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  #21  
Old 07-03-2010
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Quote:
Originally Posted by mitiempo View Post
If you want to take a boat like yours that is built for coastal at most to Hawaii the strongest solution would be to glass the bulkhead in and attach the chainplates to them or place the chainplates outboard on the hull and lose a bit of pointing ability. Nothing else you can do will be as strong.
I appreciate Your input on this so please correct me if i'm off but Why is attaching them outboard on the hull different from the cabin top with a wire strut attached to the molded interior(where the bulkhead was attached) or to what the compression post sits on. I think the cabin top is the same thickness as the hull, being built in the late sixties when epoxy was cheaper and they didnt know how thick or thick to make them, I think its the previous
owner adding wood and glassing on top too. if the deck to hull joints are good. Have you heard of George Benson he cruises all around in a rebuilt Coronado 25. what about contessa 26
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George Benson? I thought he was a jazz musician.

They didn't use epoxy, but polyester for your hull and deck, as with most boats even today.
The Contessa 26 is in my and many others opinion a better built boat. But its chainplates are bolted to knees that are heavily glassed to the hull, a very good solution if there are no bulkheads in the correct location. This could be done but will require good glasswork. Pic of Contessa chainplates below.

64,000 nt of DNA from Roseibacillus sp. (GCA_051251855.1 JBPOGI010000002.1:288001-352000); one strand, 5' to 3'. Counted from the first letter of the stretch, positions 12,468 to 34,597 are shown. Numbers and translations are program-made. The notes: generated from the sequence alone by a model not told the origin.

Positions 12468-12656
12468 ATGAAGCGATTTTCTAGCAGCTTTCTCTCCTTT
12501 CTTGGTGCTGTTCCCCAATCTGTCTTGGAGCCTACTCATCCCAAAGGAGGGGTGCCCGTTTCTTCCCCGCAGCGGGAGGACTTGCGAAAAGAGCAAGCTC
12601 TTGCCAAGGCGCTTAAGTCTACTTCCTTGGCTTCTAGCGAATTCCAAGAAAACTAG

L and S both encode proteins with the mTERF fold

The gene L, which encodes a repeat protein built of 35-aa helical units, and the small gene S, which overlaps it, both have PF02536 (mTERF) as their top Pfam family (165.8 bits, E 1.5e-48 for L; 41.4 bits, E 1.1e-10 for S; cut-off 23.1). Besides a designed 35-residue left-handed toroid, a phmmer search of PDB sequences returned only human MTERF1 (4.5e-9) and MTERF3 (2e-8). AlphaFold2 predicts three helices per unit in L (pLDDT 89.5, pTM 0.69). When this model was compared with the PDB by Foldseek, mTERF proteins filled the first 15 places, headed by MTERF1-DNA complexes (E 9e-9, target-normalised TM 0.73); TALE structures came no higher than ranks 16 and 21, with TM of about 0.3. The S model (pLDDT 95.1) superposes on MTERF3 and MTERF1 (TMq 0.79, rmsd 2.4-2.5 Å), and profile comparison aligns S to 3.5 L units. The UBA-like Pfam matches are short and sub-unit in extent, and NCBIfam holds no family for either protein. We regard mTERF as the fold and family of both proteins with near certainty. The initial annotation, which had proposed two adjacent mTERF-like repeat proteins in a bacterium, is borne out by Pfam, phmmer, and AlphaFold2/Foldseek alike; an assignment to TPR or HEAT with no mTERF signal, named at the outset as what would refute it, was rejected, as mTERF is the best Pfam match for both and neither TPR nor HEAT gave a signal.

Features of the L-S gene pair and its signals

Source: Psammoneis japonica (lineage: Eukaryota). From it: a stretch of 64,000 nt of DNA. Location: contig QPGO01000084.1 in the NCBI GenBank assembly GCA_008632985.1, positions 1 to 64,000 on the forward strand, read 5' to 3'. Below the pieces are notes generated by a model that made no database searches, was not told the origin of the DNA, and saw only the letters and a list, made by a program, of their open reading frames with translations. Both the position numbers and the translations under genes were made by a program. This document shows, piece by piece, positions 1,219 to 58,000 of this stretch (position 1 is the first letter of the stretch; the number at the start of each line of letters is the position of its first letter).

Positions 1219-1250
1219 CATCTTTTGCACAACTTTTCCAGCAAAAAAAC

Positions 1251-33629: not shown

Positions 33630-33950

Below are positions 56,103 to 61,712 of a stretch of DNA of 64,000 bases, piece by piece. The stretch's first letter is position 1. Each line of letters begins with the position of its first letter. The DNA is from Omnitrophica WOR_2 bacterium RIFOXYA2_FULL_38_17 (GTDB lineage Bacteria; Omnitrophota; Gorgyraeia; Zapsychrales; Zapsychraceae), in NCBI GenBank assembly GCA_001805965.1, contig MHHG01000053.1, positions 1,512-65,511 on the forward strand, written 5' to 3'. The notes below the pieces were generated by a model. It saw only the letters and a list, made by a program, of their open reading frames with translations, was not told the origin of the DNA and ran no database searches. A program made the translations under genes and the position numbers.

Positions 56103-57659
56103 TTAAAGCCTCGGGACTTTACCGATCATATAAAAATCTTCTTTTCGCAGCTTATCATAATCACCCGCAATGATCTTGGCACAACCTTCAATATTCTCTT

I doubt your cabin top is as thick as the hull.
If the chainplates are attached to a bulkhead, even one not glassed in, it still spreads the loads around a bit and the bulkhead is not likely to pull through the cabin top and deck. Especially as they were originally also bolted through the athwartships beam under the deck. Glassed bulkhead is of course better.
The hull type of attachment is in shear. The hull is also the strongest part of the boat. The cabintop for the most part is flat and there is not much to stop the plates from either pulling through, distorting the cabintop, or putting a lot of stress on the hull/deck joint.
How are you planning to attach the strut? And to which part of the boat as the liner isn't a good attachment point? The original chainplates in a Coronado are well attached for the type of sailing the boat is designed for. 2nd pic.
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Replacing bulkhead bolted chainplates with deck bolted with a wire strut-contessa2.jpg   Replacing bulkhead bolted chainplates with deck bolted with a wire strut-coronado.jpg  
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Quote:
Originally Posted by mitiempo View Post
George Benson? I thought he was a jazz musician.

They didn't use epoxy, but polyester for your hull and deck, as with most boats even today.
The Contessa 26 is in my and many others opinion a better built boat. But its chainplates are bolted to knees that are heavily glassed to the hull, a very good solution if there are no bulkheads in the correct location. This could be done but will require good glasswork. Pic of Contessa chainplates below.